Another option for gaining some professional experience prior to a full-time QA position is to start with some small freelance QA tasks. There are many small organizations who advertise short duration software testing tasks that could give you an opportunity to put some experience on your resume. These entry-level jobs (or testing assignments) may be as simple as testing an app on an Android device for one hour. Others may require you to test a website on multiple browsers. These gigs rarely pay much, but the real value comes from the experience. You will learn to think like a tester, write test cases and report the results. This is a great way to find out if software testing is something you are interested in. If it is, then some experience like this listed on your resume and described in an interview will show that you have a real desire to test software and that you have some experience along with it. Gaining that first bit of experience, no matter how limited, makes you a more desirable candidate.
3. Learn to Code
Most entry-level QA positions will not require a great deal of coding knowledge (although, as the QA industry moves increasingly towards automation, this could change quite rapidly).
Even if the job description doesn’t list any coding skills as requirements, having some experience/knowledge of coding is always desirable. It shows to the hiring manager that you may have an elemental understanding of software development. Adding some fundamental knowledge will cost you nothing more than your time. There are numerous websites that offer free tutorials and online courses where you can learn the basics. For example, a basic understanding of SQL is becoming a requirement for more and more QA postings.
Take a look at some of the positions you are interested in applying for, even senior positions, and spend some time looking at the tools or languages they list as requirements. Then, try out some free online courses or tutorials to gain some knowledge. At the very least, this will give you an opportunity to explain what you know in an interview. If you have created some simple apps or websites, you can explain the process you have used in testing your own work.
4. Get Certified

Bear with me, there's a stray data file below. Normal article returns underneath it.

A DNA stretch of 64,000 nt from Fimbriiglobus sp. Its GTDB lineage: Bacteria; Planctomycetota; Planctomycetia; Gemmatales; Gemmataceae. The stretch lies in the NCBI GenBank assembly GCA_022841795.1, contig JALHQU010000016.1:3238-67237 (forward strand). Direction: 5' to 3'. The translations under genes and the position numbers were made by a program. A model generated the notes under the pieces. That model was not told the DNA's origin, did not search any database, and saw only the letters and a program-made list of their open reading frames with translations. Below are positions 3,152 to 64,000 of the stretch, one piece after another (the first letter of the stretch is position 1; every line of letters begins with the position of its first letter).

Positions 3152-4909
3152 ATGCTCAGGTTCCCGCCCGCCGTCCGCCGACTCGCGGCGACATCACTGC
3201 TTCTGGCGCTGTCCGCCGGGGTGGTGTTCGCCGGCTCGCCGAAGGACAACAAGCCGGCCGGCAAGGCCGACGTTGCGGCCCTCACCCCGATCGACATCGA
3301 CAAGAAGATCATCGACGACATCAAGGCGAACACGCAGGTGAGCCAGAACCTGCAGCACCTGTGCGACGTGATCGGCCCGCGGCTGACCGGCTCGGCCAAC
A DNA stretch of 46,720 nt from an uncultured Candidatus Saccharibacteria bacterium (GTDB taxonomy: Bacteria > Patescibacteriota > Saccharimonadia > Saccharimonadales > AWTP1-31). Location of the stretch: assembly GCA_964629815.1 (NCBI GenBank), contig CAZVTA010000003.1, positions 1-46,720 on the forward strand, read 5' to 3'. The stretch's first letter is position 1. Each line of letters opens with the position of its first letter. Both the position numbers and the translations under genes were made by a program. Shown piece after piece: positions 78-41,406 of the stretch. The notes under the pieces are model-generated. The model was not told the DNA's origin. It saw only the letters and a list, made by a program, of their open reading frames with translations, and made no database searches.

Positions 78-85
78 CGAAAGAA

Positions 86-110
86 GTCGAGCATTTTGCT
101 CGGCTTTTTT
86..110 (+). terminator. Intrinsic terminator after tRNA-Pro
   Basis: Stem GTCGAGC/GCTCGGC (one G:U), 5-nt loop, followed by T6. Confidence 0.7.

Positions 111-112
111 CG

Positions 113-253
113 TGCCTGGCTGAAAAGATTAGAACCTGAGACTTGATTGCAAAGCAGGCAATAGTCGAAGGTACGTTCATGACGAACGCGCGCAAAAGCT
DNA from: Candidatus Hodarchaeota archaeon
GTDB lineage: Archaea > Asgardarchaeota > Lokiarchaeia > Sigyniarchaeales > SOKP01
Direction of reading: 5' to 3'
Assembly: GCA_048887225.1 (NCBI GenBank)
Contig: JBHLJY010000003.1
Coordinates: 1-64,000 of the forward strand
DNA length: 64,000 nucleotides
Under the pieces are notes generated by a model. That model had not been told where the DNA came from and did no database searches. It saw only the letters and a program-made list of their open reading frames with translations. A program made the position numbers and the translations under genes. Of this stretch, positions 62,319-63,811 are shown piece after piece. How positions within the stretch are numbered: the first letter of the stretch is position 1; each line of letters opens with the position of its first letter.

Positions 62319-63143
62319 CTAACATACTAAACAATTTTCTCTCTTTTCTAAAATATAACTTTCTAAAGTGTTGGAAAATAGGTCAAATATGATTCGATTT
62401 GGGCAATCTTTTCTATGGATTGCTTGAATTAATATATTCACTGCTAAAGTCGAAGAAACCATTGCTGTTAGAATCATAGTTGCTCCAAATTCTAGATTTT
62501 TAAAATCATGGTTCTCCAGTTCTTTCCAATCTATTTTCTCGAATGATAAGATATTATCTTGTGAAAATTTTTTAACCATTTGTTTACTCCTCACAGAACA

If you have the time and resources to become certified in software testing or development disciplines, you could add a lot of value to your resume/CV. There are certifications that apply directly to Software Quality Assurance. Other areas to get certified in are software development processes (more in the next section on these processes). In my experience, certifications have not been necessary because I have been fortunate enough to gain on the job experiences so far. But, as I continue to look at the skills required for senior QA positions, I find that certifications may become something I need to pursue, but for someone beginning a career in QA, that may not be the case. My advice is to weigh the cost vs the benefits of obtaining certifications prior to landing a job. Most knowledge needed may be obtained through free tutorials and courses, but sometimes landing the first interview necessitates a certification.
5. Learn Software Development Processes
I have found that most QA job descriptions require some knowledge of the Software Development Life Cycle (SDLC). While a prospective employer won’t expect you to be an expert on the SDLC for your first QA position, they would certainly value any knowledge you have on the subject. A basic understanding of software development processes could also be listed as a requirement or a “nice to have” skill. The Agile methodology is the most popular process being used today and experience working in an agile software development environment is highly sought after. If you have not worked in this environment (which you likely haven’t if you are seeking your first QA position), then it would be beneficial to learn about the methodology and what it means for QA and software testing. A good start would be to understand the difference between the agile software development model and the waterfall model. Adopting Agile Methodology – Tips For Success has brief descriptions of both, and Agile Testing takes you through to a number of articles about the process.
Trying to land your first job can be pretty overwhelming. At times it feels like you can’t get hired without experience, but you can’t gain experience without getting hired. It’s often the dilemma with any industry. What you can do is make yourself and your resume/CV more attractive. Follow my advice above, add in some patience, and you will find yourself gaining valuable experience in your first official entry-level QA role.